The Art Museum Social Tagging Project is a group of art museums is looking at integrating folksonomies into the museum Web by developing a working prototype for tagging and term collection, and outlining directions for future development and research that could benefit the entire museum community.
The project uses a tool named STEVE, an open-source tool for enabling social tagging of museum object images to create folksonomies. I first heard about this project last November and thought I might check in on it.
A new proof of concept paper was just presented.
Why social tagging could be useful in a museum context:
Museums want audiences to engage with their collections and ideas, but recognize that traditional methods of unidirectional on-line and in-gallery communications have limited access and dialog. Supporting social tagging of museum collections, and providing access based on the resulting folksonomy, opens museum collections to new interpretations that reflect visitors’ perspectives rather than institutional ones. This co-operation between museums and visitors bridges the gap between the professional language of the curator and the popular language of the museum visitor, and helps individuals see their personal meanings and perspectives in public collections.
This is the part of the paper that I found most interesting:
Museums want their communities to connect with their collections. Projects that explore this challenge, encourage users to interpret works of art by placing them in their personal narrative. Built on constructivist educational theory, that emphasizes personal meaning-making and a user-centered focus in the development on-line and in-gallery experiences, these projects strive to provide a unique and compelling engagement with works of art. S
ocial tagging appeals to museums because it embodies these self-directed learning philosophies: tagging is a dialog between the viewer and the work, and the viewerand the museum. A tag is a user’s assertion that a work of art is about something. Tagging offers a way for people to connect directly with works of art, to own them by labeling or naming them – one of the aspects of sensemaking.
Tagging also lets users assert personal perspectives and associations between objects. Small individual efforts aggregate into unique pathways through a complex context. Embracing these alternative perspectives is a significant departure for museums, reflecting a growing understanding of museums’ places in a diverse community, and a desire to enable social engagement.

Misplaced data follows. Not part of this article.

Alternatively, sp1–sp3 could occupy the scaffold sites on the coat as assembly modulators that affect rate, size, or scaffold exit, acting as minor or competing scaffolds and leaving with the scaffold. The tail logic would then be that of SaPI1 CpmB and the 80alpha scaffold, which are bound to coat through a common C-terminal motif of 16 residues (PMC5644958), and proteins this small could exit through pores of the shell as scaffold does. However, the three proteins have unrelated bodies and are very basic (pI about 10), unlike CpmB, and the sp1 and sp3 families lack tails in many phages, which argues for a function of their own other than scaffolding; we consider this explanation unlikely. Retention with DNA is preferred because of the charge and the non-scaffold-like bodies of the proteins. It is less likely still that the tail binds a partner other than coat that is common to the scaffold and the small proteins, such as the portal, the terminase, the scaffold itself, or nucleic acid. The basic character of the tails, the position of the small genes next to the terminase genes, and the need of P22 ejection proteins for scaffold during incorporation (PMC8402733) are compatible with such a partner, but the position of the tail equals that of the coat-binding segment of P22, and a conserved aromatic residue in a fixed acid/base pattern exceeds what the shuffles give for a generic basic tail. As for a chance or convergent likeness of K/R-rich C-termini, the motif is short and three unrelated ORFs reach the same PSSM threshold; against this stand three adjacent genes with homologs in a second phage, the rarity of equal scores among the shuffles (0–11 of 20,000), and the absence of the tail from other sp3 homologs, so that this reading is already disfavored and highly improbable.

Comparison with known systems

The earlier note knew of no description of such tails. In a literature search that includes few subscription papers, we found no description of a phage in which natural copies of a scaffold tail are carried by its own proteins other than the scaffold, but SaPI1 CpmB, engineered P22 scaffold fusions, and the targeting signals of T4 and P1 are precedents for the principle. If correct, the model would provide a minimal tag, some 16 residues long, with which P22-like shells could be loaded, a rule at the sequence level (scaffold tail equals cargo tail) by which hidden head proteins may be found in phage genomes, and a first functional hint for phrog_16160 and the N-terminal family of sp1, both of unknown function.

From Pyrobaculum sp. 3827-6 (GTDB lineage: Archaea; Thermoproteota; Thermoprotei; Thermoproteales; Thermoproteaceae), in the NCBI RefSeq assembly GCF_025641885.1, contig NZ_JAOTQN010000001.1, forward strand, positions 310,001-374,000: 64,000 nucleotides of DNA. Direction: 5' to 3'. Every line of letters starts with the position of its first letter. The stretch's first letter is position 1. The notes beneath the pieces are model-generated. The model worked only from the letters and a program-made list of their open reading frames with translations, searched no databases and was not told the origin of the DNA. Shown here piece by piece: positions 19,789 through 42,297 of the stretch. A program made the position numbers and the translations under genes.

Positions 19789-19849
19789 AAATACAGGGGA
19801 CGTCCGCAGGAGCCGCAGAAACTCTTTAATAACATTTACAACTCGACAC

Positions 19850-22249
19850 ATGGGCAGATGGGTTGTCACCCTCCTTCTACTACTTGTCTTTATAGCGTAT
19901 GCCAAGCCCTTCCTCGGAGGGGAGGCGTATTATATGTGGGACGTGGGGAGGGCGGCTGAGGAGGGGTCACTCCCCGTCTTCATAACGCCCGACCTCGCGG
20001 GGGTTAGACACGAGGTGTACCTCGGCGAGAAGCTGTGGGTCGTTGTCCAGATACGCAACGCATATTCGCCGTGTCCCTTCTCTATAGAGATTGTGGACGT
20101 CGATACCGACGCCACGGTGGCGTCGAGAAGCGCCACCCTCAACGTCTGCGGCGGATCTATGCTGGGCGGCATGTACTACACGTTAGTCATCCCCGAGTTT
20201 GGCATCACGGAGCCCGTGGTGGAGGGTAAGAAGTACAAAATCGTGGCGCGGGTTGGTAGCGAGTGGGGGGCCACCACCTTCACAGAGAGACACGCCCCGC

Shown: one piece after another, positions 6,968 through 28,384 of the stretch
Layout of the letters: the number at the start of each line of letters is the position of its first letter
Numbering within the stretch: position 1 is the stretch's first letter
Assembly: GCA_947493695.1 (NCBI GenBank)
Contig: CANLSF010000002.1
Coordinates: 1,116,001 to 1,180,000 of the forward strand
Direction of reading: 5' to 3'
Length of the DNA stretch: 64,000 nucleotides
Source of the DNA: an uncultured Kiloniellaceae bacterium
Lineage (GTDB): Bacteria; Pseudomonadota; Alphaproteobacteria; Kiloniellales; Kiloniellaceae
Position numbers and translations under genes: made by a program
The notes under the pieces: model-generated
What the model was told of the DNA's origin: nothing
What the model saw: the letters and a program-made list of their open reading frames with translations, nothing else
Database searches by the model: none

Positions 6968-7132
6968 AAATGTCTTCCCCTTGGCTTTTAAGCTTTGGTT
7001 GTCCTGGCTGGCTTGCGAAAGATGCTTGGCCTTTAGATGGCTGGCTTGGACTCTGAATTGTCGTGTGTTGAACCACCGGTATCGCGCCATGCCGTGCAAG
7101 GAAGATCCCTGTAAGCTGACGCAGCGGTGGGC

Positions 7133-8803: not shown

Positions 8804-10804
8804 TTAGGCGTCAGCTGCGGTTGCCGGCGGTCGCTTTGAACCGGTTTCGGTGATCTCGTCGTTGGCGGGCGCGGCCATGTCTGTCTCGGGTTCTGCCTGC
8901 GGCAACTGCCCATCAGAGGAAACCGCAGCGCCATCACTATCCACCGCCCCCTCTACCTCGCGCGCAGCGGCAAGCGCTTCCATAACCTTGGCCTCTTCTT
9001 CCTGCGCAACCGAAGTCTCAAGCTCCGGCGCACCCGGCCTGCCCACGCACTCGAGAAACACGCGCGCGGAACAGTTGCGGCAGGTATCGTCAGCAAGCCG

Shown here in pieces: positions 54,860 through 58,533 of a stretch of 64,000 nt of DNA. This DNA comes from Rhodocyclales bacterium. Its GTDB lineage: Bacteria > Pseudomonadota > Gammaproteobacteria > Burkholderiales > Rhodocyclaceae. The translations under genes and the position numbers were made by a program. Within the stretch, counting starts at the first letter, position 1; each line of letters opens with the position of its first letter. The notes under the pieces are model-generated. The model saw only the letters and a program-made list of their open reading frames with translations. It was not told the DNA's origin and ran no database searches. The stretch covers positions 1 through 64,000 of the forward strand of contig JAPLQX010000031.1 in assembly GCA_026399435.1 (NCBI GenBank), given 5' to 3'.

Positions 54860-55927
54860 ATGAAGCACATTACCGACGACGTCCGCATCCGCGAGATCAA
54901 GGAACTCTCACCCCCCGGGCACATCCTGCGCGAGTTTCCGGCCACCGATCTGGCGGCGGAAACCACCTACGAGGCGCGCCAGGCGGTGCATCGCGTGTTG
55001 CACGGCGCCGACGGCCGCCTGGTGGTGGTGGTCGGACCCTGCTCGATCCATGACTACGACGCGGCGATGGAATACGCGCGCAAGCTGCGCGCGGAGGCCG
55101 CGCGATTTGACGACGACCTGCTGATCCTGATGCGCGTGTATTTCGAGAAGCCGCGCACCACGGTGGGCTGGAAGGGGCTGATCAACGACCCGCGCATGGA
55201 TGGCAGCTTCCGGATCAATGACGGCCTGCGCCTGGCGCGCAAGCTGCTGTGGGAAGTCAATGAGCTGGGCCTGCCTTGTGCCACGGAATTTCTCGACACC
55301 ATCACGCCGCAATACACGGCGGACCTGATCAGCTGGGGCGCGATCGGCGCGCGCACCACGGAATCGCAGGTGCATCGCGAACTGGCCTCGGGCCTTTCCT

Tagging in a museum context may differ from social bookmarking because of pre-existing types of social relationships. Tagging projects could help foster and maintain links with specialized groups like volunteers and docents, or support the work of teachers and students. Rather than being motivated by personal gain, a socialaltruism kicks in. This is reflected in the way the Cleveland Museum of Art links to its on-line tagging tool: “Help others find this object”.
Tagging is a personal investment in the museum’s collection. The visitor adds value for the museum, for themselves, and for other visitors by revealing distinct perspectives and communities. Museums can use analysis of tags to learn more about their visitors and to support their use of collections. We readily imagine tag-powered visualizations that exploit relationships between tags and existing museum documentation, or more ‘fun’ tools (like flickr Tag Fight. Sharing common tags, or pushing a “feed” of works of art based on tag subscriptions, could also facilitate the personal exploration of collections and offer more active connections between museums and users.